Correction: California has opened 23 prisons since 1980, not 21: They include a woman’s prison that was deactivated in 2003 and a health care facility that opened in Stockton last month. Language has also been amended to indicate that the article is considering the University of California system, and not the California State University system.

Another StackExchange post pointed to two 2012 Business Insider articles, from June and April respectively. The June 2012 piece, “The US Wastes Tons Of Money Keeping Harmless Old People In Jail,” stated in part:

California, a state that has has built one college campus and 21 prisons since 1980, has 27,680 aging prisoners while the ACLU’s economic analysis found that releasing aging prisoners would save states an average of $66,294 per year per prisoner. (For comparison, the average U.S. household makes about $40,000 a year in income).

Business Insider’s citation for that claim was an April 2012 story (“13 Signs That America’s Prison System Is Out Of Control.”) However, it referenced only an off-site graph with the following label:

Since 1980 California has built one college campus and 21 prisons

A linked source for the statistic was a February 2009 blog post about California’s finances. We were unable to find the original source (or date) for the graph on that page.

From that angle, the claim about California having built 22 (or 23) prisons to one university between 1980 and 2009, 2012, 2014, 2015, or 2021 appeared to have been something of a “game of telephone” statistic, its provenance laundered through every variation and enshrined in a 2015 art piece destined to go repeatedly viral.

In October 2017, PolitiFact addressed a version of the claim from a different angle, due to an iteration of it being mentioned by gubernatorial candidate Delaine Eastin on Capital Public Radio that month.

PolitiFact’s claim statement was slightly different, as Eastin referenced a different year — 1965 — and six college campuses to the image’s one university:

Since 1965, California has built “six (college) campuses but 23 prisons.”

PolitiFact rated the claim false, indicating that California had built 23 prisons since 1965 and adding:

A glance at the history of the UC and CSU systems shows Eastin is again correct, at least on this portion of her claim: The University of California at Merced opened in 2005, the lone campus in the 10-campus UC system added since 1965.

Meanwhile, the state has constructed three California State University campuses during this period: Cal State San Marcos in 1990, Cal State Monterey Bay in 1995 and Cal State Channel Islands in 2002. They are the newest additions to the 23-campus CSU system.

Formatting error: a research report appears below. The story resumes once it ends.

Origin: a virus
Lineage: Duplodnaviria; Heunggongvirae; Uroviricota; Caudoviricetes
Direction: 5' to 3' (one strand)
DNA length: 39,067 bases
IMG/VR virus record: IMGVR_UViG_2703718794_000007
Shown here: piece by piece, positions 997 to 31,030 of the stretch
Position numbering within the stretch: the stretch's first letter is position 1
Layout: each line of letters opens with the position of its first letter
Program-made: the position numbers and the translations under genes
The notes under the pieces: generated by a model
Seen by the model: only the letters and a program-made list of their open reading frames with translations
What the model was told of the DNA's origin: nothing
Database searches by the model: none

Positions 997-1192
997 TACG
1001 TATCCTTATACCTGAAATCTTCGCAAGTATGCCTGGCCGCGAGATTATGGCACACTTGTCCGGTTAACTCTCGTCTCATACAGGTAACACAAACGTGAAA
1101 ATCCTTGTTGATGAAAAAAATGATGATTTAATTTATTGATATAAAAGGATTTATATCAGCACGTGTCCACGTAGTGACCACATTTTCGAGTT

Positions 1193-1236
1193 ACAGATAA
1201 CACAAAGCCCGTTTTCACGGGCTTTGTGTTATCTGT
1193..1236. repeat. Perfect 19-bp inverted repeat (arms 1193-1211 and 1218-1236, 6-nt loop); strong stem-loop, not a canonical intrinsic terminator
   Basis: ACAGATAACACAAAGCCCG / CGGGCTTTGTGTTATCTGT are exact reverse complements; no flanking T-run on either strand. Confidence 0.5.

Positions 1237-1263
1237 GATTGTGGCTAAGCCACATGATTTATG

We found, however, a glaring error on Eastin’s count of community colleges.

There have been 41 of those campuses built since 1965 — not the two she claimed in the radio interview. That’s according to a list on the California Community Colleges Chancellor’s Office website.

The site noted that “a look at campus data shows the California community college system has significantly slowed its pace of construction,” and included Eastin’s source for the claim — having “heard the number from someone”:

Eastin’s spokesman Jon Murchinson acknowledged the inaccuracy of the community college statistic — a figure that greatly throws off her “six colleges” to “23 prisons” comparison.

He told PolitiFact California it was “an error in good faith as (Eastin) had heard the number from someone,” and that she “regrets using it without verifying the source.”

He said she won’t be using it in the future.

In a section titled “Our Ruling,” the site added:

But she was way off the mark on colleges: California has opened 41 community colleges, three California State University campuses and one University of California campus for a total of 45 campuses since 1965.

Since its emergence at the “Manifest Justice” exhibit in Los Angeles in May 2015, a striking photograph of 22 orange jumpsuits and one graduation gown has repeatedly spread on social media, and contained an attached claim that the state of California had built 22 prisons and one university “since 1980.” A barely noticeable asterisk hinted at additional context, and iterations of the claim circulated at least as far back as a blog post in 2009. However, the evocative work of art led users to draw a misleading conclusion — although the University of California only added one campus after 1980, dozens of other colleges, community colleges, and private institutions were opened in California after the year 1980. As such, we rate the claim Mixed.